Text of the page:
A laminating process in which several layers of material are laminated to each other with an adhesive. This process is also known as dry lamination.
Thin strands of film remain on the film edges caused by improper slitting.
Aging (Curing) is a term in process engineering that refers to the toughening or hardening of a polymer material by cross-linking of polymer chains brought by heat. It is an essential process after adhesive lamination converting two different layers of materials together. Aging period ranges from 24 to 48 hours depends on the types of adhesive and material used.
A layer of coating or process to minimize the moisture built up on the surface of the film.
A layer of coating and process to remove and minimize the static remaining on the films. Commonly used in electrical components packaging.
The ability to stop or retard the movement of one substance through another. In packaging, the term is commonly used to describe the ability of a material to stop or retard the passage of atmospheric gases, water vapour, and volatile flavour and aroma ingredients.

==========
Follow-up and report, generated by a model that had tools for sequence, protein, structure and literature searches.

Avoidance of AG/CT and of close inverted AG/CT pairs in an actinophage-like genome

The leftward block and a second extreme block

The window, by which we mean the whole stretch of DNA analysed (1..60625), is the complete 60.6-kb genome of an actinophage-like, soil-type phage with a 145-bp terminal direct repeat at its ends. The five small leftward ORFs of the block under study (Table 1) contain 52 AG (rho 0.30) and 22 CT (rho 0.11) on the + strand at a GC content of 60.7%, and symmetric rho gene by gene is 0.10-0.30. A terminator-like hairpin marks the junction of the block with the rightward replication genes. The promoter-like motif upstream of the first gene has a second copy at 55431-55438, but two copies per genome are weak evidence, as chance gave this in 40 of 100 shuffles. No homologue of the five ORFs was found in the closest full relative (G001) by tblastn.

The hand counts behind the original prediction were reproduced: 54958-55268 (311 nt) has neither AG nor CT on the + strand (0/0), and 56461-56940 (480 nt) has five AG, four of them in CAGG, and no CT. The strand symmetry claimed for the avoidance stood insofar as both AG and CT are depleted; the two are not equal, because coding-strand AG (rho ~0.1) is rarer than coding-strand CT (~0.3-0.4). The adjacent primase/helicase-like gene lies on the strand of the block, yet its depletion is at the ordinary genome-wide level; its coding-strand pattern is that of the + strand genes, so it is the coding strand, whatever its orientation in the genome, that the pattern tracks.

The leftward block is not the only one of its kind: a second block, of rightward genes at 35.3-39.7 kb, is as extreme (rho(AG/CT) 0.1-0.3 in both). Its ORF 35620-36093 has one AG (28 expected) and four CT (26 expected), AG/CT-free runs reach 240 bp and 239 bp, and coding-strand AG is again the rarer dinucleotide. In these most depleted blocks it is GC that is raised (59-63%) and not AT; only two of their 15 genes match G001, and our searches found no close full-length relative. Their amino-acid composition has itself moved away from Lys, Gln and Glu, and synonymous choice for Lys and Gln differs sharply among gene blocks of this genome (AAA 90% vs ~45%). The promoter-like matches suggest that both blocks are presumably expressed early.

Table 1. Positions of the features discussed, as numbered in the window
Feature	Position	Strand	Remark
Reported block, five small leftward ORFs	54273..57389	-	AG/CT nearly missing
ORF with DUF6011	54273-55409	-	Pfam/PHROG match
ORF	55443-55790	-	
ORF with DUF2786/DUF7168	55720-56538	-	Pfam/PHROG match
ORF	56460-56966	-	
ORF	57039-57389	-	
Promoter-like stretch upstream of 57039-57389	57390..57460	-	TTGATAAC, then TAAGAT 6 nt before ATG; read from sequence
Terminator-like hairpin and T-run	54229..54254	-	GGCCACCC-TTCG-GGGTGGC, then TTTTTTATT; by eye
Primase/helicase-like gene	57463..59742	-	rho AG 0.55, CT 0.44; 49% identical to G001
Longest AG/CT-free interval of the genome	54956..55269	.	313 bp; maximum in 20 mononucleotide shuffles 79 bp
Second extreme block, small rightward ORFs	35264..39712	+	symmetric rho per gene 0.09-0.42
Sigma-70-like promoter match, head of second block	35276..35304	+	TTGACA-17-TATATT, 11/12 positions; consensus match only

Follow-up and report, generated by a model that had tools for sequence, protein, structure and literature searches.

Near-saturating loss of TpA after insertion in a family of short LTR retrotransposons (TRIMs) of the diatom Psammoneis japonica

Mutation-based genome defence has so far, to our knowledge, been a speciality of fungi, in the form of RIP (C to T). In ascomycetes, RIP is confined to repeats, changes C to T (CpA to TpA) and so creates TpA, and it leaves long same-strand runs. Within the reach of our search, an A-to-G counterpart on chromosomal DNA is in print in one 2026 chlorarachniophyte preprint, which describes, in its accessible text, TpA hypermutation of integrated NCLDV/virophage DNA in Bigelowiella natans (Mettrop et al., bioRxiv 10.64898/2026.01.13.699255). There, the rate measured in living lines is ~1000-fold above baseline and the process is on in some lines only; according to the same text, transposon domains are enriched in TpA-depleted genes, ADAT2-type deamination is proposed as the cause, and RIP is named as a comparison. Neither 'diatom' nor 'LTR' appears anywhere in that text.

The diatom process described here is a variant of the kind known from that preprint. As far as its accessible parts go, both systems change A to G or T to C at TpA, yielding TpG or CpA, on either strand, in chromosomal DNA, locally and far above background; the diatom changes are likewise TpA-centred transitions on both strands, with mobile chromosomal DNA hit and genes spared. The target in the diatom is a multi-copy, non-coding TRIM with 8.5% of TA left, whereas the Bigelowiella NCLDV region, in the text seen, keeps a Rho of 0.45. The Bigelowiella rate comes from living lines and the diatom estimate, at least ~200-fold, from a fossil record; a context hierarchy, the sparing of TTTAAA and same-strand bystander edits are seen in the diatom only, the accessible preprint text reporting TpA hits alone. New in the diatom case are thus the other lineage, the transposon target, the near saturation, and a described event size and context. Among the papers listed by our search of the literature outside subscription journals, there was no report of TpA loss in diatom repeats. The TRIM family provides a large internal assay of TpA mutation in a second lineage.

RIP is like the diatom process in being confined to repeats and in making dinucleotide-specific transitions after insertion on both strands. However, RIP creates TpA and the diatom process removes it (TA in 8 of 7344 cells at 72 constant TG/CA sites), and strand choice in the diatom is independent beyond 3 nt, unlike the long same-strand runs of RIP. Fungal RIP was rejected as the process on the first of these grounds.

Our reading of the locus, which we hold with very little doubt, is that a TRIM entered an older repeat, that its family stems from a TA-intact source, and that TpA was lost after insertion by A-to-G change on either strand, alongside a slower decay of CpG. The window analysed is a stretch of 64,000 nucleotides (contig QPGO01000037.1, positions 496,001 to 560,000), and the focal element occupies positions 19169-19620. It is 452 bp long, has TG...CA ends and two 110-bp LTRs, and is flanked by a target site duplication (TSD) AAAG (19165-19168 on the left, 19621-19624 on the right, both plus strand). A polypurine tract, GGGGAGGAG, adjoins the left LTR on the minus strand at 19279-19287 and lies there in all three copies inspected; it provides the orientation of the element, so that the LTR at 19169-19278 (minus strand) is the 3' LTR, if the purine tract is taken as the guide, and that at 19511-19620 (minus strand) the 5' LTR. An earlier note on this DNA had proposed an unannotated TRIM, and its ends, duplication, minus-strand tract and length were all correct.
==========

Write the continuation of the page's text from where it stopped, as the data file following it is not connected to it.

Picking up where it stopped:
Orientation of plastic films in both machine and cross machine directions by stretching. Biaxially stretched films are generally well-balanced in both directions and much stronger in terms of tear strength.
Material that is able to degrade caused by biological activity, especially by enzymatic action, leading to a significant change in the chemical structure of the material. The European Union deems a material biodegradable if it will break down into mostly water, carbon dioxide and organic matters within six months.
Several types of pre-formed plastic packaging used for small consumer goods. The two primary components of a blister pack are the cavity or pocket made from a “formable” web, either plastic or aluminum – and the lidding, made from paper, carton, plastic or aluminum. The “formed” cavity or pocket contains the product and the “lidding” seals the product in the package.